Peak: Legislators want to have more control, to tell school districts — you have now a smaller set of curricula you should be choosing from. There's a lot of urgency — from parents, from our reporting, from tons of other local media covering these issues. And they don't want to stick with the status quo anymore. And they're making very big moves in some of these states.
Some states are compiling lists of approved programs and requiring districts to buy from the list.
Hanford: So what are you hearing from people who think these bills aren't a good idea? What are they concerned about?
Peak: They often make the arguments that justify local control. They don't want someone in their state capital, who has never taught in a classroom before, telling them what to do.
Tina Kotek: We believe in local control here. So it's that balance between decision making and — these are really the best things to do.
That was the governor of Oregon. And this is a hearing in Connecticut.
Fran Rabinowitz: We do not ascribe to mandated commercial programs which carry a heavy price tag.
Faith Sweeney: The Right to Read Act isn't addressing the unique needs of each school district. Instead, the options are a one-size-fits-all, canned program.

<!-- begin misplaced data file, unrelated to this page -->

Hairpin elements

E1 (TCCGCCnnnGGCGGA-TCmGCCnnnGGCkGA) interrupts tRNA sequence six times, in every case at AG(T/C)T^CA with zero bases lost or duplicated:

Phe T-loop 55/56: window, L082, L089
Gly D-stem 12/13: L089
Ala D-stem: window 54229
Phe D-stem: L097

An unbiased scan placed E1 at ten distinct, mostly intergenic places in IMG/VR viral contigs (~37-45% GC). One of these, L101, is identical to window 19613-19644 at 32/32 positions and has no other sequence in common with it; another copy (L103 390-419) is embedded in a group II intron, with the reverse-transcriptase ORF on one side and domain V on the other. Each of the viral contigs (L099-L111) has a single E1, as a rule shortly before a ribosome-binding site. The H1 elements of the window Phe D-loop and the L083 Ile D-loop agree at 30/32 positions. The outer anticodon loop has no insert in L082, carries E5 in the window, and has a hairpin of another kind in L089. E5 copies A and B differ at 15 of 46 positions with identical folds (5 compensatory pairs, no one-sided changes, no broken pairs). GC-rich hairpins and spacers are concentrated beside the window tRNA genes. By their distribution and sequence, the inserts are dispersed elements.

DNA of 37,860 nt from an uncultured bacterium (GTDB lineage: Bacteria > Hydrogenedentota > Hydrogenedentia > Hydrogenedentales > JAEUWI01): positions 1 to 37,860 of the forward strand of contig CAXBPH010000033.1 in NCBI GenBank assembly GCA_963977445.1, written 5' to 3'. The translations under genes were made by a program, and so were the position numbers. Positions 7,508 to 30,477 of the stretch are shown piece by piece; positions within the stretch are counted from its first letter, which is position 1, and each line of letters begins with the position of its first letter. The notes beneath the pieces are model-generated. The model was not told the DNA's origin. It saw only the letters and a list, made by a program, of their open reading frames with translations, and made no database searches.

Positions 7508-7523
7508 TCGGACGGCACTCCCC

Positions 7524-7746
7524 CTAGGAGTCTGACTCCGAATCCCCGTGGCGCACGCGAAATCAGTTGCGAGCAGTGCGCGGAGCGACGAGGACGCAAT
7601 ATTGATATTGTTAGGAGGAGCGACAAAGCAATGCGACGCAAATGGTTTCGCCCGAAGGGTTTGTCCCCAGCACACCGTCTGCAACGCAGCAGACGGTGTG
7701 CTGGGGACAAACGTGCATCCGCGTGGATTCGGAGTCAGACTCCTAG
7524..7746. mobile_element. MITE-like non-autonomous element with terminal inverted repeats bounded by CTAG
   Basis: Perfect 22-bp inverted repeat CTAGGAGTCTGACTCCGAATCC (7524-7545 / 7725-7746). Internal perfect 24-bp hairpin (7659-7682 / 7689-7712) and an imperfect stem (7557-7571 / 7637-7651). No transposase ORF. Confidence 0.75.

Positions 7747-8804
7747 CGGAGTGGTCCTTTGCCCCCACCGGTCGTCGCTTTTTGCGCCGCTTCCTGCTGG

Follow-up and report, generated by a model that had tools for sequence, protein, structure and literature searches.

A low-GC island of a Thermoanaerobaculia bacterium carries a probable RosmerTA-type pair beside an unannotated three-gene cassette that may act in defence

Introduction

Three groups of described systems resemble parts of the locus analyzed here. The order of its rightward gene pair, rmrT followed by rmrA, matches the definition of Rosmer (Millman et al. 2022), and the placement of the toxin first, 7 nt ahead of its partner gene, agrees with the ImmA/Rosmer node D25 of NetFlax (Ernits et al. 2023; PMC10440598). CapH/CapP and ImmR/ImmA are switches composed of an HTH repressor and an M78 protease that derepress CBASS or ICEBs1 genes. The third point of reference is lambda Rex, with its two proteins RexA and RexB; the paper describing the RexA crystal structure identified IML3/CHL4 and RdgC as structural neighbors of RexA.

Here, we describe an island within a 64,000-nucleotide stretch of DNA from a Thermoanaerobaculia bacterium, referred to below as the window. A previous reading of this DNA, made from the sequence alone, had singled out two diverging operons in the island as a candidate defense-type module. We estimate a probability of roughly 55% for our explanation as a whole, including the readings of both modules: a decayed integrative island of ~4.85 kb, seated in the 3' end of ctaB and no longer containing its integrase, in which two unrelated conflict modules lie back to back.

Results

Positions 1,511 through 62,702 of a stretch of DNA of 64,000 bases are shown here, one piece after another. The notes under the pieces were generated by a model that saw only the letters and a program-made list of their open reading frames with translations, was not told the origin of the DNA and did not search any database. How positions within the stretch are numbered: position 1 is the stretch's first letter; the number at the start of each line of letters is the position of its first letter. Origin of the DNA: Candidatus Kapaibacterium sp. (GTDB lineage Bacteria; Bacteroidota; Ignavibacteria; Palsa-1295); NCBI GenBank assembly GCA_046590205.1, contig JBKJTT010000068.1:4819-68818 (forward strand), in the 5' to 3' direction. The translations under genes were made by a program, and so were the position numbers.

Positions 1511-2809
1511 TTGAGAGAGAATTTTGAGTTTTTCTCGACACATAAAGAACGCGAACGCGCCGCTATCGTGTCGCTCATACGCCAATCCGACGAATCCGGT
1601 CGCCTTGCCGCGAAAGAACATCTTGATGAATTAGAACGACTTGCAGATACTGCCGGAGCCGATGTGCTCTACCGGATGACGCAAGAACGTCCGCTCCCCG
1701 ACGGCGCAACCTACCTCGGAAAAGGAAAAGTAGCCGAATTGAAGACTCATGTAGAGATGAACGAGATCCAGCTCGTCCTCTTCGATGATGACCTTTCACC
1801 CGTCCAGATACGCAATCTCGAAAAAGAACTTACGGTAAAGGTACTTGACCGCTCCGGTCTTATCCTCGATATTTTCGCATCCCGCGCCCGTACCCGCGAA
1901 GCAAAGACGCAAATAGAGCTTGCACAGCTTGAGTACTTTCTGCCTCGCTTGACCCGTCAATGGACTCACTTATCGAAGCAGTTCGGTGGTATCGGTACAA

There have been a lot of these kinds of hearings and meetings since the podcast. Christopher told me he’s listened to more than 80 hours. There was a hearing in Wisconsin that he said was particularly interesting. So I listened to it too.
Peak: Wisconsin doesn’t have any legislation in place yet. But the lawmakers got together and had this hearing…
Seidenberg: Thank, thank you. I’m really glad to be here.
Peak: ...to set the stage for the legislation they might introduce, to hear from a couple experts.
Seidenberg: I’m going to talk to you about what the science of reading is.
One of the people who testified was Mark Seidenberg, a cognitive scientist who was in Sold a Story.
Peak: He had a really nuanced take on this question of local control and curriculum.
Seidenberg: I personally view the legislation that’s related to the science of reading as kind of the last resort. Something that has been pursued after really kind of several decades of resistance from the educational establishment.
Peak: He said — you don’t want it to be this way, you wish that the education establishment would have changed this on their own. That you would have seen publishers and these experts catching up to the science of the reading and putting that into their materials, spreading that knowledge. But that hasn’t happened. And so he said that this is a last resort and it might be necessary, but it’s not going to be easy.